SOME LIKE IT HOT
Book by Matthew López and Amber Ruffin
Music by Marc Shaiman
Lyrics by Scott Wittman and Marc Shaiman
Based on the MGM motion picture
Directed and Choreographed by Casey Nicholaw
Shubert Theatre, New York City
Beautifully crafted musical comedy, light as air yet with a lingering fragrance of potent joy, and as poignant and full of heart as you need it to be, is back on Broadway….and it doesn’t get much better than this.
Some Like It Hot, the newest incarnation of this most particularly American of all art forms, could have felt like an unfashionable throwback, set as it is in the 1930s and based on an iconic, but potentially problematic, movie, with a jazzy score (Marc Shaiman and Scott Wittman’s terrific songs here are more reminiscent of their work on the underrated Catch Me If You Can and TV’s Smash than it is of their irresistible Hairspray) and tap choreography to rival 42nd Street. But no…
In fact, it proves anything but, thanks to inspired casting, some sensitive repointing of the original story and crackerjack good comedy by book writers Amber Ruffin and Matthew López: Some Like It Hot delivers the kind of uplifting good time that should send audiences out into the night with sappy grins plastered all over their faces while they text their friends demanding that they book tickets. Joy meets Woke meets all-embracing here in a way that very few shows manage…
In one of the most remarkable cases of having it’s cake and eating it that I can remember, this sparkling dose of escapism married to modern sensibilities manages to be transporting enough to entrance traditional theatregoers while at the same time ensuring that people who have felt marginalised and shut out are brought along on the beautiful train ride. It looks effortless, in the way that dreamy musical comedy needs to, whether on screen or stage, but features rigorously disciplined and clever work from a crack team of Broadway craftspeople, led by director-choreographer Casey Nicholaw who has never done anything finer, at the top of their games.
The trans community had voiced reservations over the use yet again, after the Tootsie and Mrs Doubtfire musicals, of “man in a dress” as a comic trope, but Ruffin and Lopez sidestep this issue by having Jerry, one of the hapless musicians forced to flee in disguise after witnessing a ganglands massacre in Prohibition Chicago, realise their truest self once they are in their alter ego Daphne’s wig and frocks. It’s done with such a lightness of touch, and played with so much panache and sensitivity by the jaw-droppingly lovely J Harrison Ghee, one of the show’s two breakout stars and who identifies as non-binary, that it adds a freshness and kindness to what could have been an icky cliché. When this Daphne dons the look, the effect isn’t funny at all, it’s enchanting, in the way that classic transformations from chrysalis to butterfly usually are. Extra emotional punch is added by having Osgood, the eccentric millionaire who falls for them and who leads a double life of his own (an utterly delightful Kevin Del Aguila) realise who Daphne is before Jerry does. Truly heartwarming.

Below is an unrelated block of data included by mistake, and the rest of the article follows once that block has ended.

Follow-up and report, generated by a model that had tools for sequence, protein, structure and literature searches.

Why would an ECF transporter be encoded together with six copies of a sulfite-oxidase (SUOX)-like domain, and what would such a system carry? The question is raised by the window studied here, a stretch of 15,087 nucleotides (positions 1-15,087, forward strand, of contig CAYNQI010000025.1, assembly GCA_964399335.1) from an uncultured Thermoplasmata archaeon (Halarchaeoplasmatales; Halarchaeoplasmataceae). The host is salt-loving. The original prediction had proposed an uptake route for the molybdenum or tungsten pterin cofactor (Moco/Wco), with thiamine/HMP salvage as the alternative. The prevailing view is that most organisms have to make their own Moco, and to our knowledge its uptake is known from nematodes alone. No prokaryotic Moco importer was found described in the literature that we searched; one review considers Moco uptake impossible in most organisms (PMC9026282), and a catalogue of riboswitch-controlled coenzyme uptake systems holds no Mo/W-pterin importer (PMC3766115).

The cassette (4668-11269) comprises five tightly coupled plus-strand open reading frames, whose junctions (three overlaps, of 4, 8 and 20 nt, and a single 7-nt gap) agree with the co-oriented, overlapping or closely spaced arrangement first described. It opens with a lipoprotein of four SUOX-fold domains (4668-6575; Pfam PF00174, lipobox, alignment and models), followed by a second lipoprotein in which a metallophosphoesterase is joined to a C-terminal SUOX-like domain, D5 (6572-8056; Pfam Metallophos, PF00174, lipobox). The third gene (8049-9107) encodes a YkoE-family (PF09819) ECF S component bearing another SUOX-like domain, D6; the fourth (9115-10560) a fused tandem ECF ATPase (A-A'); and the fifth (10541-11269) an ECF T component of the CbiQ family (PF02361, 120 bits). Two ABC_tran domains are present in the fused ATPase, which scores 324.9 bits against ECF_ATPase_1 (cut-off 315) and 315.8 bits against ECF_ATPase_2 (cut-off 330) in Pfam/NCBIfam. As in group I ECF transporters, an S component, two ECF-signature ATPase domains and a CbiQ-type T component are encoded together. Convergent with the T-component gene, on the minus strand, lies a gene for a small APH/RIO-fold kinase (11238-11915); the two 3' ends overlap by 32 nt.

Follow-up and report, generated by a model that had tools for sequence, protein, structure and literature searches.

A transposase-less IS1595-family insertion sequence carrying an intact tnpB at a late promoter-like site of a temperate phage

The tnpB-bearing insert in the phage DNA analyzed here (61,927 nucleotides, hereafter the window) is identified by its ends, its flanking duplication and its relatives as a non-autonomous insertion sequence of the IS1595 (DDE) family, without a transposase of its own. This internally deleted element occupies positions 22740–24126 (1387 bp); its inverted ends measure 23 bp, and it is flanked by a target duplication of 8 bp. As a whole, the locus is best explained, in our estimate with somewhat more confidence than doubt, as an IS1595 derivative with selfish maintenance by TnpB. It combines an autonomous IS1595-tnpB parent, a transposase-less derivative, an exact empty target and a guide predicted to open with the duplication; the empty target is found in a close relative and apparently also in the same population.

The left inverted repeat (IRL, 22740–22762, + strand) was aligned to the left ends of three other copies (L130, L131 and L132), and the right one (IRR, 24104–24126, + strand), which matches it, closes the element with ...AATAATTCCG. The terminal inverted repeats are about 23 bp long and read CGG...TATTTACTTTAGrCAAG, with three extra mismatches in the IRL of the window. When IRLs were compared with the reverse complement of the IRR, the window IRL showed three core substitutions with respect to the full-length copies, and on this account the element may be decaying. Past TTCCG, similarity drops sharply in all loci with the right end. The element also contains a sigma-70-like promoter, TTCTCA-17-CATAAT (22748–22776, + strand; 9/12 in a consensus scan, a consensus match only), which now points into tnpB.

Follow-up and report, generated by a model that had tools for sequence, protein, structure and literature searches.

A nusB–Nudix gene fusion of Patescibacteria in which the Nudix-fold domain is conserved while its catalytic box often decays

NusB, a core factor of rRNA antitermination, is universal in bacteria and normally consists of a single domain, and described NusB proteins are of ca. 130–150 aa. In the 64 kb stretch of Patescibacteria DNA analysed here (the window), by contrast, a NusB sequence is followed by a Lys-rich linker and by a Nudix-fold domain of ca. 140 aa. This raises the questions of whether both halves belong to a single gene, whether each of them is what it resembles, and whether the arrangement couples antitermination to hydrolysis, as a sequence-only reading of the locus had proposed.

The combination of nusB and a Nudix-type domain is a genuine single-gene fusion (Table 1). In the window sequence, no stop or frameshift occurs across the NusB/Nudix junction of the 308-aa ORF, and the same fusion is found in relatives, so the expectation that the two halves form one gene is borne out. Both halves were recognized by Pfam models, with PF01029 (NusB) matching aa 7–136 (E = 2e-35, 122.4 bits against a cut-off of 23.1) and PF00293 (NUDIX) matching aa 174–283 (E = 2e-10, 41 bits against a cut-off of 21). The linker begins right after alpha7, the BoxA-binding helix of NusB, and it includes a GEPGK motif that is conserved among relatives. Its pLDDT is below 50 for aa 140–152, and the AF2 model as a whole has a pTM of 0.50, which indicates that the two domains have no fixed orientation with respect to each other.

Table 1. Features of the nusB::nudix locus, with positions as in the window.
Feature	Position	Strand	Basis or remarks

Having set that up so well, the show does give us carte blanche to laugh at Jerry’s partner in crime, Joe (Christian Borle, quite restrained by his own standards, but still a masterclass in exquisite musical comedy performance) who makes an exceptionally unusual woman when got up as the hapless Josephine, a fact referred to often and hilariously by NaTasha Yvette Williams’s fabulously sassy band leader. The show softens, rightly, the romantic gaslighting of female lead Sugar by Joe, but it’s still loaded with comic panache.
The other breakout star referred to earlier is Adrianna Hicks as Sugar (the role immortalised on screen by Marilyn Monroe). But whereas the screen Sugar was a product both of her time and Monroe’s particular persona, a ditzy, breathy blonde with a fondness for the bottle and getting repeatedly involved with the wrong kind of men, the new musical incarnation is a much richer, tougher creation. For starters, she’s a Black woman…but this isn’t colour-blind casting: Ruffin and Lopez have deliberately written her this way, giving her a poignant speech about sneaking into cinemas as a kid and never seeing anybody who looked like her on the screen. Hicks gives her attitude, warmth and just enough vulnerability to make us care, but without ever shading her as a victim. She’s a leading lady to fall in love with, and her power-packed vocals swoop and soar.
Everything here works, from Charlie Rosen and Bryan Carter’s brassy, big band orchestrations to Gregg Barnes’s sparkling costuming, and Scott Pask’s glossy art deco box of a set. Nicholaw’s staging is oil-smooth accomplished and reaches a blissfully inventive climax with a tap dance chase sequence late in the second half that is an exhilarating object lesson in stagecraft.
This Some Like It Hot actually feels like a traditional musical comedy from the storied Golden Age of Broadway, but joyfully transmogrified into something inclusive, relevant and deeply satisfying. Any NYC theatre season that includes this life-enhancing confection, the equally unmissable Kimberly Akimbo and the arrival of West End hit & Juliet amongst it’s new musicals might reasonably be considered vintage. “Nobody’s perfect” are the last words in the screenplay of the original movie, but this life-enhancing new musical pretty much is. It’s not just hot, it’s sizzling.